The Government has launched an unprecedented array of initiatives to raise educational standards. Through "naming and shaming", Sure Start and homework clubs, ministers are making a concerted effort to improve schools.
Their approach is fundamentally flawed, however, concentrating as it does primarily on the mechanistic aspects of school input and ignoring the condition of pupils whose endemic disadvantages consign them to social exclusion.
Educational achievement depends on two factors: the disposition and potential of students; and the quality of education they receive. Successive governments have concentrated on teachers, curricula and school organisation to improve achievement. But it is questionable whether the results have justified the enormous disruption and expense involved.
The days of berating teachers for poor performance are over and the Government now recognises that teacher morale and competence are relevant to raising standards. But its approach, unfortunately, remains top-down and mechanistic.
The Government appears to think that to raise standards one simply has to hone the curriculum, identify priorities, and enforce them with an inspection regime that inspires as much fear as it does improvement. And recent surveys by the Office for Standards in Education and teachers' unions have shown that many staff find inspections stressful and a waste of time. These are probably the very people who work in our poorer, marginal schools. If the Government were to heed even elementary psychological imperatives, it would see that inducing fear is not a good way of changing behaviour.
If struggling schools and teachers are to do better, it is crucial that their hopes and sense of self-worth be raised. What is done to teachers is, in turn, what they do to their pupils. It is hardly surprising, therefore, that teachers don't make much impact on those disaffected pupils who are drifting to the margins of society.
These children, roughly 15 per cent of pupils, typically come from families beset by poor health; unemployment; distress caused by poverty; poor relationships; predatory neighbourhoods and weak community ties; and acceptance of antisocial behaviour as a way of life. Crucially, parents in these families often suffer from poor mental health, manifested in anxiety, depression and sometimes mental illness.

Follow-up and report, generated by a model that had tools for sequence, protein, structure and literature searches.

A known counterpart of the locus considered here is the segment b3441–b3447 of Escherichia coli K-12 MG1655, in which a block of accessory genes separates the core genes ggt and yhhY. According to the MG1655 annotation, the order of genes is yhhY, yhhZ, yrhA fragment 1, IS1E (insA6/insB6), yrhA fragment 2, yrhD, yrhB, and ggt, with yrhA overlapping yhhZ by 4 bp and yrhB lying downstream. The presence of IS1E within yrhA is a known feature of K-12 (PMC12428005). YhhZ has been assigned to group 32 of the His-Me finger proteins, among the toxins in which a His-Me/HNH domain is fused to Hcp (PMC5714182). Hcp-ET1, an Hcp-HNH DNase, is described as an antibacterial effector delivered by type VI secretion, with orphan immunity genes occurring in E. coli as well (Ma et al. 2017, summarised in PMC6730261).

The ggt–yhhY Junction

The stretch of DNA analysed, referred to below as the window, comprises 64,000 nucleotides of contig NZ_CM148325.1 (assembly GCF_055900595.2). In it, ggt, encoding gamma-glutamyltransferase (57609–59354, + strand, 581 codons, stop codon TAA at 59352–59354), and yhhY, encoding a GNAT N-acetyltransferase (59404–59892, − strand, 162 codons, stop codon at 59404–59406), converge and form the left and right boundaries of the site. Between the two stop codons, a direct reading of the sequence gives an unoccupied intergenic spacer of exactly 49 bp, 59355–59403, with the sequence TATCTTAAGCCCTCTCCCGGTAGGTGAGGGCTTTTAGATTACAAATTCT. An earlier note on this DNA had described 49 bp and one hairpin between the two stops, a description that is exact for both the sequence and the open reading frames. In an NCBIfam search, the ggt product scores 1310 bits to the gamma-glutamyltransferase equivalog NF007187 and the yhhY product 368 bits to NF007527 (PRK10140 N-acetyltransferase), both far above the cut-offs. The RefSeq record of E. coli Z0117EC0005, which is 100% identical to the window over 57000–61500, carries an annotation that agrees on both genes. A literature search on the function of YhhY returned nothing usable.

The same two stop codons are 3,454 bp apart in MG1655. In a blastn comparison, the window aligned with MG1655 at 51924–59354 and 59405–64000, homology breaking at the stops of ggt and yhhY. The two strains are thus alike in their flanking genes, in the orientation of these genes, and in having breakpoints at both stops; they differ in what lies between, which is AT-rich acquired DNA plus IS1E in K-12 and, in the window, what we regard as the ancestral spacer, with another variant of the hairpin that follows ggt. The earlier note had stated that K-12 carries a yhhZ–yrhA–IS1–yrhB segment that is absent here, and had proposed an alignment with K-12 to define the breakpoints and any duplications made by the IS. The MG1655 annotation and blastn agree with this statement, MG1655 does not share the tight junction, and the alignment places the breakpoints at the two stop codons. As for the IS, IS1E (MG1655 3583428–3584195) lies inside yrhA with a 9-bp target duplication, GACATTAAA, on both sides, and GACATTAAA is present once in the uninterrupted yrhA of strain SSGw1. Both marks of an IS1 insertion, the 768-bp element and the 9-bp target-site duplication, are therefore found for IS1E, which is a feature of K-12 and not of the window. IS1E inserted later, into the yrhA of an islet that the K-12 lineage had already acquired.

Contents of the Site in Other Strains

Such families are unable to provide "good enough parenting". Their children do not receive adequate physical, emotional and social nurture or protection from harm. They are brought up without sensitive, internally-controlled behavioural standards, and so they acquire little idea of their own potential and howto fulfil it. These families do not have the motivation, resources or opportunities to help their children benefit from schooling.
We have long known that parental attitudes to schooling are the most potent factors in children's achievement. Exam results are as much evidence of parental support as they are of school efforts, and the best schools work hard to maintain high levels of parental involvement. Countries with the highest standards are those where family relationships are strongest, and where children's educational achievement is tied up with family and social pride.
The majority of children do receive parental support, but there is much to be done before the parents of disadvantaged pupils will adopt a positive attitude towards schools and educational achievement. A good starting point would be to acknowledge the stresses affecting their mental health and parenting capacity.
Schools must recognise that getting parents on their side is not a luxury, but a necessity - and not the job of a social worker or a psychologist, but their own. This means treating parents with particular care to raise their sense of self-worth, gently creating shared expectations and making it worth their while to help manage their disaffected, poorly-achieving children.
The Government must realise that without schools putting in as much effort in this area as they do into the mechanics of curriculum delivery, there is little chance of significant and sustainable improvement in these pupils' standards. Without it, an even greater gap is likely to appear between the disadvantaged and the rest.
The Department for Education and Employment should join up its own thinking by carrying through the parent-focused Sure Start strategy for children under the age of three to the early years of schooling and beyond, with something similar for pupils who are in secondary education.
It should initiate school-based primary mental health programmes, shown to be highly cost-effective in reducing pupils' difficulties. As child and adolescent mental health is a priority for the new Health Improvement Plans, it should be possible to provide such help for children and families locally.
Finally, the Government must re-think its approach to teachers and schools from the present top-down, threat-based programme to one that is positively participative, though rigorous and demanding.
A civilised society ought to realise that it is more sustainable and productive to motivate professionals positively than to add anxiety to what are already onerous and demanding jobs.
Masud Hoghughi is professor of parenting and child development at the University of Northumbria, Newcastle